Virtual Private Network (VPN)

Virtual Private Network (VPN)

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When a company has several offices located at different places and a whole lot of workers always on the move, calling over wired lines or making long distance calls may turn out to be quite expensive. Apart from that, such modes of communication are likely to pose considerable risks to the network security of any organization.

A more cost effective as well as secure option for remote access today is to get a Virtual Private Network (VPN) installed. While this could either be a remote access or a site-to-site (intranet-based) type for communication with own offices and mobile workers, a site-to-site (extranet-based) VPN can also be used for connecting to an outside company with close ties.

The Virtual Private Network uses a public telecommunication network, such as Internet, to allow the end users for accessing the main network of the organization. VPN employs virtual connections originating from the main network to route through the Internet to the remote sites thereby helping greatly in protecting the remotely deployed computers from illegal incursions.

VPN offers extra security through data encryption – in the form of coding at the transmitting end and decoding at the receiving end – that permits only authorized employers to access the company’s network. The privacy factor is achieved through adherence to prescribed security measures and by implementing the right computer network protocol.

Tunneling One’s Way Through

In case the organization’s central network has a stable Internet connection – a T-1 or a business-class broadband – and the remote users happen to have some kind of Internet connectivity too, the best and the cheapest way is to connect by tunneling through the Internet, or some other public network.

The VPN know-how facilitates employing tunneling protocols – ‘tunneling’ implies a secure tunnel through the public network – to form the connection with encryption procedures that should let every user to access any VPN server on the network and get connected to any specific computer forming part of the network.

Types of VPN Protocols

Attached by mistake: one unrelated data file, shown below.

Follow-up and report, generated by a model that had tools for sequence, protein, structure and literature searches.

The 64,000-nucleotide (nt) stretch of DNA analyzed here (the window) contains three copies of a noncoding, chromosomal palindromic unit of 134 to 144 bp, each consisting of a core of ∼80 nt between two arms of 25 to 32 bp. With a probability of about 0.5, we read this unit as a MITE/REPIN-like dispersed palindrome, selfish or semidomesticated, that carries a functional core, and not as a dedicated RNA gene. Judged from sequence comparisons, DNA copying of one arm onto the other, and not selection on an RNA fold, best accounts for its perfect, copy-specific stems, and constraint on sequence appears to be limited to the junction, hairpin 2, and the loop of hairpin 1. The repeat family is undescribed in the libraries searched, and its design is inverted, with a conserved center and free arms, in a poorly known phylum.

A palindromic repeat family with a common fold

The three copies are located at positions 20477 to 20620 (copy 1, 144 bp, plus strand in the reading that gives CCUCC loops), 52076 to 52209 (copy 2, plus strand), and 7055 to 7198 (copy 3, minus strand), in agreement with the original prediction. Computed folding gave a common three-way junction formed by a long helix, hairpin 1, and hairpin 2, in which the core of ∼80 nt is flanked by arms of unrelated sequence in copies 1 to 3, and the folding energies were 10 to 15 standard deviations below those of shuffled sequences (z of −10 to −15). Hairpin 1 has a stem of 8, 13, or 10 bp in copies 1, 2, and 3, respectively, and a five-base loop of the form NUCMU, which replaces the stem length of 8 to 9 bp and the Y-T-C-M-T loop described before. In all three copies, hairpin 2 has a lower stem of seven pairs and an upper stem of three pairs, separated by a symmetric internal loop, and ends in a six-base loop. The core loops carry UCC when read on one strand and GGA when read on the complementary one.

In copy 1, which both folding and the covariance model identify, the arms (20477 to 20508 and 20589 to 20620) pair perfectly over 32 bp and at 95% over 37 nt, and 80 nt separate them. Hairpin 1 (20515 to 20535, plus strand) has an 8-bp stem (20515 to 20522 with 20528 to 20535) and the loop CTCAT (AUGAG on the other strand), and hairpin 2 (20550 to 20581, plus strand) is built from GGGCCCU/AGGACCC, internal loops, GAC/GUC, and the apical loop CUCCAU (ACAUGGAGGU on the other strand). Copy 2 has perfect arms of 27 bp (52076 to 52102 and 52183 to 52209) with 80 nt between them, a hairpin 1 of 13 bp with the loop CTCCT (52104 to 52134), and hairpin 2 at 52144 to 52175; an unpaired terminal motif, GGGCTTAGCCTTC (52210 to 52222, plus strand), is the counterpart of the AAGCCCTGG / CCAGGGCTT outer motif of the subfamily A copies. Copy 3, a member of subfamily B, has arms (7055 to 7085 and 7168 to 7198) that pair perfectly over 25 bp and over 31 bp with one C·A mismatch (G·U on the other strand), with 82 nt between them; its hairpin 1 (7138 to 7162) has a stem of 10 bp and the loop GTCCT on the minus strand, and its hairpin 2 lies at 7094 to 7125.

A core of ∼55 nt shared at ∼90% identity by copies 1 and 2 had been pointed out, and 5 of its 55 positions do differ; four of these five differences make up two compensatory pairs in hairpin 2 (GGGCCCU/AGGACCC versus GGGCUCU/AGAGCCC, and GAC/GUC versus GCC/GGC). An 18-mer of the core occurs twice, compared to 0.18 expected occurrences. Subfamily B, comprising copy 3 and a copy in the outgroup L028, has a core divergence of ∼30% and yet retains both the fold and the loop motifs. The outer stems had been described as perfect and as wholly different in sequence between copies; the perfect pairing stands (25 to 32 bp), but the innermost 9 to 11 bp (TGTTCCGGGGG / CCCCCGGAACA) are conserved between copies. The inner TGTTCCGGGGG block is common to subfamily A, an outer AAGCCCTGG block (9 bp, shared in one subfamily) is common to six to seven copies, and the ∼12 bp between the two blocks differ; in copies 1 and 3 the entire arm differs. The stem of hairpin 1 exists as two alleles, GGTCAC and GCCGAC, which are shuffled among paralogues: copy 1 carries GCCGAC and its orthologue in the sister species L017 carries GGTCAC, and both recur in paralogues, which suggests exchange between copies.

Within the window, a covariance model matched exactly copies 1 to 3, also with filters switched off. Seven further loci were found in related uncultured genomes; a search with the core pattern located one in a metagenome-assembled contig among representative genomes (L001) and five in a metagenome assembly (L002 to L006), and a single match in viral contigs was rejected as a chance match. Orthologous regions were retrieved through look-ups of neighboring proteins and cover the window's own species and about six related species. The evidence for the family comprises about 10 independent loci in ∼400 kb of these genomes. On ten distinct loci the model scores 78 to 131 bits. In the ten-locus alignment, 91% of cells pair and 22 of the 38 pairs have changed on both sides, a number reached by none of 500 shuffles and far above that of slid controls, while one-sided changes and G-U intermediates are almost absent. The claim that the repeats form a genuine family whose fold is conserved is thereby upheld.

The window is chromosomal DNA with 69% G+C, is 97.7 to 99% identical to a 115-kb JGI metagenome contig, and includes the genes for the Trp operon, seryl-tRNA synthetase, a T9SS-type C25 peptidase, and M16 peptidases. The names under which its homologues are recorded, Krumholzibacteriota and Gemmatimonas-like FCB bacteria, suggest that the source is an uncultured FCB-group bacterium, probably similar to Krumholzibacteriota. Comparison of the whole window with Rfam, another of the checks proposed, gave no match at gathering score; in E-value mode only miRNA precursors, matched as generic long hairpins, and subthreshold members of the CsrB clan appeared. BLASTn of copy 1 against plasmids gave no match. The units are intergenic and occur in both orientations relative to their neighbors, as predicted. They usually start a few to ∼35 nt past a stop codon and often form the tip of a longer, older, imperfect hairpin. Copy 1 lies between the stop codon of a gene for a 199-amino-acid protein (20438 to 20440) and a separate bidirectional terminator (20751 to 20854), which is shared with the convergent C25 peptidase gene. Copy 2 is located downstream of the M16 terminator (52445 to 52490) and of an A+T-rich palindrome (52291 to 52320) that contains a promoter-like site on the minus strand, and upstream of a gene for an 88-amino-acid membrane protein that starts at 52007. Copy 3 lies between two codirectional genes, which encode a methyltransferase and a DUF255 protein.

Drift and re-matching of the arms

Listed below are four VPN tunneling protocols:

Point-to-Point Tunneling Protocol (PPTP)

PPTP (Point-to-Point Tunneling Protocol), which was developed by Microsoft with cooperation from a few other technology companies, is a revised version of Point-to-Point protocol (PPP), which happens to be the Internet standard link layer protocol employed to send IP packets over serial links.

A VPN client computer based on this tunneling protocol can connect to a PPTP server either through ISP’s network access server (supporting inbound PPP connections) or by making use of a physical TCP/IP-enabled LAN connection in order to connect to a PPTP server. Even though PPTP practically sets up the tunnel it does not have any facility for encryption, which is done through the use of Microsoft Point-to-Point Encryption (MPPE) protocol. PPTP is considered to be the most favored VPN tunneling protocol because of its relatively lower overhead and higher speed.

Internet Protocol Security (IPsec) Protocol

IPsec is a protocol suite that encrypts data transmitted from one computer to another so that the data can not be altered or interpreted in the event of malicious intervention. In a VPN scenario, IPsec is used in combination with Layer Two Tunneling Protocol (L2TP). As a matter of fact, IPSec provides the encryption facilities for L2TP tunnels.

Layer 2 Tunneling (L2TP) Protocol

L2TP was created by Microsoft together with Cisco by blending certain individual features of PPTP and L2F (Layer 2 Forwarding, Cisco’s proprietary protocol protection). The L2TP tunneling protocol also facilitates data encryption in conjunction with IPsec over and above authenticating the source/origin of the data and providing replay protection facility – a method to mislead an attacker regarding the actual contents of the data.

Secure Sockets Layer (SSL) Protocol

SSL is a general-purpose encryption standard that facilitates encryption and decryption of data. Extremely suitable for web applications requiring a secure link, this protocol is ideal for controlling access to Web-based subscription services as also for e-commerce applications. Since this protocol utilizes the Web browser as the client application, there is no requirement of any separate VPN client software. As a result, there has been increasing preference for this ‘clientless’ protocol amongst prospective users.

Since there is always more than one VPN protocols available, a company should examine all the relevant aspects in advance. Factors such as the number of connections vis-à-vis types of modes, applicability of a VPN protocol to own scenario and the pros/cons of various protocols, and the like, must be thoroughly considered before zeroing on any particular one.